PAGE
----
When I was probably 18, my eligibility card needed renewed, and my mom was too sick or busy to go with me to do that. (Nobody, including me, knew then that I really do need help with realtime interactions like that, not being great with either auditory processing or realtime verbal communication.) So, I got to go alone. And it was an absolutely horrible experience.

That was during the time period that my stepdad’s unemployment had run out, neither parent was able to work, and nobody was receiving disability benefits though my stepdad was in application process limbo. We had no income, period, other than what I was earning on the side for things like gas to get to and from a nearby college, and textbooks. (I pitched in what I could, but education-related expenses were given priority there.) None.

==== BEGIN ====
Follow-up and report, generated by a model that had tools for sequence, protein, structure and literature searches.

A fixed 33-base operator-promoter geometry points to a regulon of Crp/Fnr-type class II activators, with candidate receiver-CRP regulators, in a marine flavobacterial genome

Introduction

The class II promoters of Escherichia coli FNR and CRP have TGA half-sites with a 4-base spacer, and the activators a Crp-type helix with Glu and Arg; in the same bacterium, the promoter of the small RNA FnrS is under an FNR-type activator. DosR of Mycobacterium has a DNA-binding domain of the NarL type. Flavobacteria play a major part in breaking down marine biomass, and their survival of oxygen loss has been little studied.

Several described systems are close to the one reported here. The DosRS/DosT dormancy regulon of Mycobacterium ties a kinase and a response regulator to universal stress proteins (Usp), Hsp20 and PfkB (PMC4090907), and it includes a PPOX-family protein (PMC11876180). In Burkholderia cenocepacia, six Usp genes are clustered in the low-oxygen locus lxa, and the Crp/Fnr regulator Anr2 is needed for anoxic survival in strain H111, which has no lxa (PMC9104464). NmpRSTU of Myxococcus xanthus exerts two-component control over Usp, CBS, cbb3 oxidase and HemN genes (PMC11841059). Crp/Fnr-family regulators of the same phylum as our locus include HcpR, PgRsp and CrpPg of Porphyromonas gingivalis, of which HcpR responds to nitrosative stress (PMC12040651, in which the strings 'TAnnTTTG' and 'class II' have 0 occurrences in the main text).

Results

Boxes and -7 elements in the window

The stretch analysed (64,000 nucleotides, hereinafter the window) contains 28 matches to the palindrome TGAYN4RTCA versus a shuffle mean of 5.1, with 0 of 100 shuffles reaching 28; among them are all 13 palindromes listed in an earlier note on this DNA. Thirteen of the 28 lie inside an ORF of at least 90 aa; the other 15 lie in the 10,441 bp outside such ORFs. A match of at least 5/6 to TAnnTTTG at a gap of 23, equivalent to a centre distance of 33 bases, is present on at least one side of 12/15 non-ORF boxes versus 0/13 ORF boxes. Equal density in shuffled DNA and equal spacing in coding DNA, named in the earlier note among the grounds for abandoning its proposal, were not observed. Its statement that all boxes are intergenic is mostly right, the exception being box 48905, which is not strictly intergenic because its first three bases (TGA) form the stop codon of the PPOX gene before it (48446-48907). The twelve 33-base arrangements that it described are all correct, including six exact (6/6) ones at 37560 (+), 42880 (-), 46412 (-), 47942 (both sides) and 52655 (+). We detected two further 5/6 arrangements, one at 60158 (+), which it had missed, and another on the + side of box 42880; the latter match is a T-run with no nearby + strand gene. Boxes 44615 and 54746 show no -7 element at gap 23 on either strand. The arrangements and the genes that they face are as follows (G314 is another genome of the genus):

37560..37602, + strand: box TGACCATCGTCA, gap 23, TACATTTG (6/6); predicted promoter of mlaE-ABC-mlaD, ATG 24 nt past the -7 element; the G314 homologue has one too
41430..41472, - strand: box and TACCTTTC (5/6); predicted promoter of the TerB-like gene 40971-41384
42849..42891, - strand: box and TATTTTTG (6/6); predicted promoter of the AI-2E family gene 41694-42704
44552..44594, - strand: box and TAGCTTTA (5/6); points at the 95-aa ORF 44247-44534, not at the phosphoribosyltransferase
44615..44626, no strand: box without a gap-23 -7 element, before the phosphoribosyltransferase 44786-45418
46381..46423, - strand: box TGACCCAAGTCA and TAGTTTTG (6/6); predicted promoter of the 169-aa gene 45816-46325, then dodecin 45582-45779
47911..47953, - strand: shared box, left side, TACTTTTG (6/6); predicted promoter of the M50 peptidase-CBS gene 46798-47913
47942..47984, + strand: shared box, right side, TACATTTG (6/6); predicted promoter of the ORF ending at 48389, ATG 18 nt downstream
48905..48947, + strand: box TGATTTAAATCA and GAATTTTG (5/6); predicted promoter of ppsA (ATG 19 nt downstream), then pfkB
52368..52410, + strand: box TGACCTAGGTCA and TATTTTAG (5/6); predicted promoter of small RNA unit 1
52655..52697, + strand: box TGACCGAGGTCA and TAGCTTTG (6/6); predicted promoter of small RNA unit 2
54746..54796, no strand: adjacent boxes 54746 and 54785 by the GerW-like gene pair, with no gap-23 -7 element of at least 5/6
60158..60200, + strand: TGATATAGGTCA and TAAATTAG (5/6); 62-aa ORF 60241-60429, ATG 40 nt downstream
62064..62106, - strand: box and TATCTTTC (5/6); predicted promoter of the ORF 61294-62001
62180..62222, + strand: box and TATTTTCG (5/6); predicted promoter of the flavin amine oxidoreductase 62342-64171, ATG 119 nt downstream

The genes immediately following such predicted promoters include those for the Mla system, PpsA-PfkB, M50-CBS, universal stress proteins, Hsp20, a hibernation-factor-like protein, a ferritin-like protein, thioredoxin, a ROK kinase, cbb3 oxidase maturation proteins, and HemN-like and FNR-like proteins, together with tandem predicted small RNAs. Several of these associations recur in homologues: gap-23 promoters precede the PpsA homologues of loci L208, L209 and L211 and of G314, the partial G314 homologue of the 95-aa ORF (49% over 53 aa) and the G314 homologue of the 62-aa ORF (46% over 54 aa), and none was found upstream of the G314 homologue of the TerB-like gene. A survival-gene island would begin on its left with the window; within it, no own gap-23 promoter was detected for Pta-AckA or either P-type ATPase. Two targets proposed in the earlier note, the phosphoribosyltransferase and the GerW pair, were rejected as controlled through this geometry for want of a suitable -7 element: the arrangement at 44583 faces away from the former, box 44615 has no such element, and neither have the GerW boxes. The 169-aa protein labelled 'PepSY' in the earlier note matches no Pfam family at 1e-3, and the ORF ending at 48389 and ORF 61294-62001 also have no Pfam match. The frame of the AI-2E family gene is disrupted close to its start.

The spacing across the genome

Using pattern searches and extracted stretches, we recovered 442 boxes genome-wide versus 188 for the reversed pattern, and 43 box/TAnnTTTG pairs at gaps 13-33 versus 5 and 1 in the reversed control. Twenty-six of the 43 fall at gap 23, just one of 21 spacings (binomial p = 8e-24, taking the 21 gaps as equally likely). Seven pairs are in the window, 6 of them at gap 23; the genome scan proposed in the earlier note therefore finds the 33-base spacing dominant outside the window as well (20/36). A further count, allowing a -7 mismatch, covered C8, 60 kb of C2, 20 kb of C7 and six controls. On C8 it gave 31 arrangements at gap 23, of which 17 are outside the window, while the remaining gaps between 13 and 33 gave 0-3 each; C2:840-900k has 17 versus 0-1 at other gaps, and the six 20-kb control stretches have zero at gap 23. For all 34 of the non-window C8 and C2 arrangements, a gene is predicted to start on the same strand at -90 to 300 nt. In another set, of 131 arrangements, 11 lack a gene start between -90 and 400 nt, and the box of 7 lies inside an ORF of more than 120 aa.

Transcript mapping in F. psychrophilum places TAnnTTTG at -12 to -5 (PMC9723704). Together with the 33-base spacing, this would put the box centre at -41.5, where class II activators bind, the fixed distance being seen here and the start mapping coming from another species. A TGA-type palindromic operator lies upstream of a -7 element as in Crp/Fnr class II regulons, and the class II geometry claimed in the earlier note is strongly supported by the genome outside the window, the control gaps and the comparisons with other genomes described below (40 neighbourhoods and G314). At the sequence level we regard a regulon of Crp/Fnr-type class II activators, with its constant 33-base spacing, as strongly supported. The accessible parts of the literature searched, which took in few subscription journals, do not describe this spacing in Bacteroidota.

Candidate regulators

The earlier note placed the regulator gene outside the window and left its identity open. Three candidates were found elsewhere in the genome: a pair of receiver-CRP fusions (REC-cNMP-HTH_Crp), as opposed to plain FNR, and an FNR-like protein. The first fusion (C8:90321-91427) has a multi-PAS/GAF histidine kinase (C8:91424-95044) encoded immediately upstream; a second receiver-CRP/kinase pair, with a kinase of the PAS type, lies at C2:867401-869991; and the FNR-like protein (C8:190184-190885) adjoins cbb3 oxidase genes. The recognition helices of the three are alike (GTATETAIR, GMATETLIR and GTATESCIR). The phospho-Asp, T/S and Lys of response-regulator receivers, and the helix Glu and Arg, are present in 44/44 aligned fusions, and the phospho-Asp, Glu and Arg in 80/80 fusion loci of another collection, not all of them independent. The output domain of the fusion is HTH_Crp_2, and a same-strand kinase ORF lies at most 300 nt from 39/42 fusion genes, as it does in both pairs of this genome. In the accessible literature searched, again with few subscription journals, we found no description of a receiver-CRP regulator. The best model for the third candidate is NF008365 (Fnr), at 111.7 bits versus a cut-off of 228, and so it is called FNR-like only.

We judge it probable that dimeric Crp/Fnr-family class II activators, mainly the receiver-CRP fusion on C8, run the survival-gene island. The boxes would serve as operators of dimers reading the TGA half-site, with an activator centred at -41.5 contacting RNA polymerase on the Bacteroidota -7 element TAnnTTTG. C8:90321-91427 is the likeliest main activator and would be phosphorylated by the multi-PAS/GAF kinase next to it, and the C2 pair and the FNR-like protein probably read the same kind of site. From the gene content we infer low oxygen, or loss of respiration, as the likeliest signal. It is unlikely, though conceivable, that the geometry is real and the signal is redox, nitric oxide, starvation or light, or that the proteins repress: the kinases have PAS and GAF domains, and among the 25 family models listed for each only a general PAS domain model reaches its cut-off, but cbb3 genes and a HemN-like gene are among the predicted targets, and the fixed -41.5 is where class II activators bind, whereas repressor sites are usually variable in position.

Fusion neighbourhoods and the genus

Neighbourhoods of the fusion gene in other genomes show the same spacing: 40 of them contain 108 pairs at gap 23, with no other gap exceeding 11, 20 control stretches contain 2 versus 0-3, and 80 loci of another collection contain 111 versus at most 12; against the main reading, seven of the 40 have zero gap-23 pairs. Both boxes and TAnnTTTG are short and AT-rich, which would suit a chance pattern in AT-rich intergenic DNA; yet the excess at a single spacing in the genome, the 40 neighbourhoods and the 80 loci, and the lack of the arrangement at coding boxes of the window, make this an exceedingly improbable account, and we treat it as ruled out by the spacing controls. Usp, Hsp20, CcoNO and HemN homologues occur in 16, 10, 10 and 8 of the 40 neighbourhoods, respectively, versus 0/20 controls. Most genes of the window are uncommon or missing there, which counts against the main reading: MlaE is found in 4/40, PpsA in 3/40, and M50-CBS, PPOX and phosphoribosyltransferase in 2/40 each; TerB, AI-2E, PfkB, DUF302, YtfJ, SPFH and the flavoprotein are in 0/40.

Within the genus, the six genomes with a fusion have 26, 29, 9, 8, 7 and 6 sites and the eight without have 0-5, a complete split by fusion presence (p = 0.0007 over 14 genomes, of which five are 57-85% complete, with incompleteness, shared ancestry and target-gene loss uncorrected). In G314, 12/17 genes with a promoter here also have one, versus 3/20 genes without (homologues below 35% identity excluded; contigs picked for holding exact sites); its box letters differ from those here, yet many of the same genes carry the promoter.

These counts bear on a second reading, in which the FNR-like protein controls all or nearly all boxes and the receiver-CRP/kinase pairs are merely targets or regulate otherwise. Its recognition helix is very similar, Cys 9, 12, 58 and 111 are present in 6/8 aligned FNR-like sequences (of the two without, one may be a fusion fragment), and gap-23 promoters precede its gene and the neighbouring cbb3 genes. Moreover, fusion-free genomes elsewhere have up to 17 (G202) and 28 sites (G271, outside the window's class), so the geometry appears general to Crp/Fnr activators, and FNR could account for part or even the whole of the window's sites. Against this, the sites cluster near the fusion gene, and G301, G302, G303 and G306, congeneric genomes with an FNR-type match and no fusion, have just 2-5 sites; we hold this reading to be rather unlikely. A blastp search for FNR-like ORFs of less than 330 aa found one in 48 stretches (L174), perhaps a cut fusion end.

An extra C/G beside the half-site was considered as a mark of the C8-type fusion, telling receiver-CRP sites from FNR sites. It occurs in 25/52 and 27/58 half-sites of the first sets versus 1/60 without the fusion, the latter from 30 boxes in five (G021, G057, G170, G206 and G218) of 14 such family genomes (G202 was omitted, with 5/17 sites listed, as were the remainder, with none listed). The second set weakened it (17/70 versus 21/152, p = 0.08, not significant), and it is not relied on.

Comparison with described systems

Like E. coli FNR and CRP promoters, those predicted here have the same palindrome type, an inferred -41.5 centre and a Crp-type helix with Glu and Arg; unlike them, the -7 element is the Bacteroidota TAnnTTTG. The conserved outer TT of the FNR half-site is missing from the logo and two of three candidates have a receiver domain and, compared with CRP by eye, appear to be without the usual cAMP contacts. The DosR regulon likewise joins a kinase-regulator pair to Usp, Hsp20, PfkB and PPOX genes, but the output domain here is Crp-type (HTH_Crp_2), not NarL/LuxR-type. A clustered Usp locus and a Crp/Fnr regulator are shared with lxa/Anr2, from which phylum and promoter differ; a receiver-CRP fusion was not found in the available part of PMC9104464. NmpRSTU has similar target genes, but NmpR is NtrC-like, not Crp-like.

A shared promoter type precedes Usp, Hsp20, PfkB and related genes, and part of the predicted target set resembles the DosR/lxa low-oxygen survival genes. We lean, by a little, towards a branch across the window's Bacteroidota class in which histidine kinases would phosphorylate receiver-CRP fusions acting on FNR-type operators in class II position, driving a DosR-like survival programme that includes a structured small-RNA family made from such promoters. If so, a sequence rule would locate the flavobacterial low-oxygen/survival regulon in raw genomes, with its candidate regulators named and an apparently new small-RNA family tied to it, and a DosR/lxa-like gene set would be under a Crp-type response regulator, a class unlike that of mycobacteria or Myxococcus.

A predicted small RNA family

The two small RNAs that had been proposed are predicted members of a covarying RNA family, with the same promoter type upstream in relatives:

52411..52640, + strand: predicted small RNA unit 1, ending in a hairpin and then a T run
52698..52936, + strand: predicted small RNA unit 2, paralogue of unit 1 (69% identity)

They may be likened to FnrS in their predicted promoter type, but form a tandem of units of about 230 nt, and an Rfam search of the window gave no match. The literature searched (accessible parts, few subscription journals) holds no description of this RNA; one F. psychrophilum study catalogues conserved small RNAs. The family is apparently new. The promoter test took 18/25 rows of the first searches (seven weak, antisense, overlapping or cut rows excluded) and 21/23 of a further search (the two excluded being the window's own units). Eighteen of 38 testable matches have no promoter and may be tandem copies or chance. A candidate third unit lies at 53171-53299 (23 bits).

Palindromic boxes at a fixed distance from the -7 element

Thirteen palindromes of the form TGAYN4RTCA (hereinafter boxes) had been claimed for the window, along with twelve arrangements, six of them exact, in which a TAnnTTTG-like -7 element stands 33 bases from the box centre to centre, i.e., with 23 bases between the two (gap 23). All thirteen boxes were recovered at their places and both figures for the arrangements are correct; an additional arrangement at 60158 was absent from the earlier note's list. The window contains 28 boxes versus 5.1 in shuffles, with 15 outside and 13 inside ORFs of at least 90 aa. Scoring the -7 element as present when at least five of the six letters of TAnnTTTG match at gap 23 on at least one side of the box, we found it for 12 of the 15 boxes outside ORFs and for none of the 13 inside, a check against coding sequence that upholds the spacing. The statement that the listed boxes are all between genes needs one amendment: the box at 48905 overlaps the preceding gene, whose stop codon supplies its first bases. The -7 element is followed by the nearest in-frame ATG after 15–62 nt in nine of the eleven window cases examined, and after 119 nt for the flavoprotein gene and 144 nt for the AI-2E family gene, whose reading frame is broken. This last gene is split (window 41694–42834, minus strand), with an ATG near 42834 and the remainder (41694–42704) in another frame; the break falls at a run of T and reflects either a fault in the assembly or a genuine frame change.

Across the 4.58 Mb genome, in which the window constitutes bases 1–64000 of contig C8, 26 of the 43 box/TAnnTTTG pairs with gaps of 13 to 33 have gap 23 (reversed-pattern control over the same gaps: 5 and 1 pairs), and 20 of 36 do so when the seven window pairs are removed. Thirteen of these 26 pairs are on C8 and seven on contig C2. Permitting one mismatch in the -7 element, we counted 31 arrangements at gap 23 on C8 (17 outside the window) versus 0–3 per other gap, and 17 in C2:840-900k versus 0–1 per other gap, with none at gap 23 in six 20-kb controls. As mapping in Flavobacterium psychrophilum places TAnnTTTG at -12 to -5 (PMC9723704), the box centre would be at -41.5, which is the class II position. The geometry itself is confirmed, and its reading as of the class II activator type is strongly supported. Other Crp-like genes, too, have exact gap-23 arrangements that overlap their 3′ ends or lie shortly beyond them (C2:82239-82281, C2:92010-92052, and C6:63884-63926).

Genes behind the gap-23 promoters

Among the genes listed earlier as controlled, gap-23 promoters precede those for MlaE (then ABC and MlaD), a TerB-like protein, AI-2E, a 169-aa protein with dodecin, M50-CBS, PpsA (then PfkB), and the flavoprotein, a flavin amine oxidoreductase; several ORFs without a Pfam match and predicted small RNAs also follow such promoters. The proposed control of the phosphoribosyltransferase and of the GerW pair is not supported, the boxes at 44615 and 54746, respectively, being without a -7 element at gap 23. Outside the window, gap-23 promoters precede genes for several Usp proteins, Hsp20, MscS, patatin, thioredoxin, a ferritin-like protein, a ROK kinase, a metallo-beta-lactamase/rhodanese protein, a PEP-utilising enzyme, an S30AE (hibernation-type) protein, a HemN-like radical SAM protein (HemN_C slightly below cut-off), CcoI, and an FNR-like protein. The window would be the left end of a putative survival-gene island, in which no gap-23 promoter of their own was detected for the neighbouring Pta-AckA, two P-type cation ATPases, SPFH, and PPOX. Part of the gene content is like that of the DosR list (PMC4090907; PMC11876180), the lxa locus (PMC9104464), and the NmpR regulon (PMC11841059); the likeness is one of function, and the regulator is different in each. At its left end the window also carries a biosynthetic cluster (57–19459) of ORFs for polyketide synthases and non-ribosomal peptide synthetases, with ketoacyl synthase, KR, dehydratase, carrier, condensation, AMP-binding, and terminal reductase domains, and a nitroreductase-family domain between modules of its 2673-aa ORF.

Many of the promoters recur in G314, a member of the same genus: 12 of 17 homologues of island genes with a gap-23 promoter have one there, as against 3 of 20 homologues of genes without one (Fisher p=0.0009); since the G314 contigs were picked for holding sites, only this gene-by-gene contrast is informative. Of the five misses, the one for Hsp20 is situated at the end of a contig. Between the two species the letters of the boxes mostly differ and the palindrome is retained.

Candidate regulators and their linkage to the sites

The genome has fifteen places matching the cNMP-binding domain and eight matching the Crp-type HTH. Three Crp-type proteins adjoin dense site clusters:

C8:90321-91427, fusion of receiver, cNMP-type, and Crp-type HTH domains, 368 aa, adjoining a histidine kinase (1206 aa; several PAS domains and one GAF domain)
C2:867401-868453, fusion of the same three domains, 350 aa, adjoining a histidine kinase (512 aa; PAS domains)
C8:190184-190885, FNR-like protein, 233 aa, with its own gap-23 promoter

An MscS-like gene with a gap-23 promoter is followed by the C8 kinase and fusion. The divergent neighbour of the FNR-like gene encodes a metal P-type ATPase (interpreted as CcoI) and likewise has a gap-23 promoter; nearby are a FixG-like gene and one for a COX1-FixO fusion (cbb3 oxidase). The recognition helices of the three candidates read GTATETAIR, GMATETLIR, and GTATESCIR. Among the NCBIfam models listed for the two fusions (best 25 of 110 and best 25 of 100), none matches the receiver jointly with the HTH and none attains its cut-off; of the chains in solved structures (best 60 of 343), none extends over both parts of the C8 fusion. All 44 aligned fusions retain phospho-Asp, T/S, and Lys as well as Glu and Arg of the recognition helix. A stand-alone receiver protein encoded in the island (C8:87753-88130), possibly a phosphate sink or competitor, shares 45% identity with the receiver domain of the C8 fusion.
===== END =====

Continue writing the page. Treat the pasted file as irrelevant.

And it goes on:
Even before writing the last post, it had occurred to me that we were actually very lucky in a way, being downwardly mobile rather than longer-term multigenerationally seriously poor; our extended family was able to provide a lot of cushioning, and make sure our lights weren’t cut off, we were fed, we had heat in the winter, we could get more expensive needed medication, etc. (This became very obvious, reading Scalzi’s Being Poor and a lot of the comments. We never had it that bad, thanks to gadugi.) I am very thankful for that. But, as I pointed out before, this pattern is only to be expected in our culture if there are family members who are able to help. (ETA explicitly: AFAICT, nobody is likely to consider this kind of help “income”, but just the way things work. Though, the way food prices have skyrocketed, I’d hate to think of the price tag that could get put on the average bag of tomatoes and peppers out of Cousin Nancy’s garden–very possibly organically grown, no less! 😐 /ETA)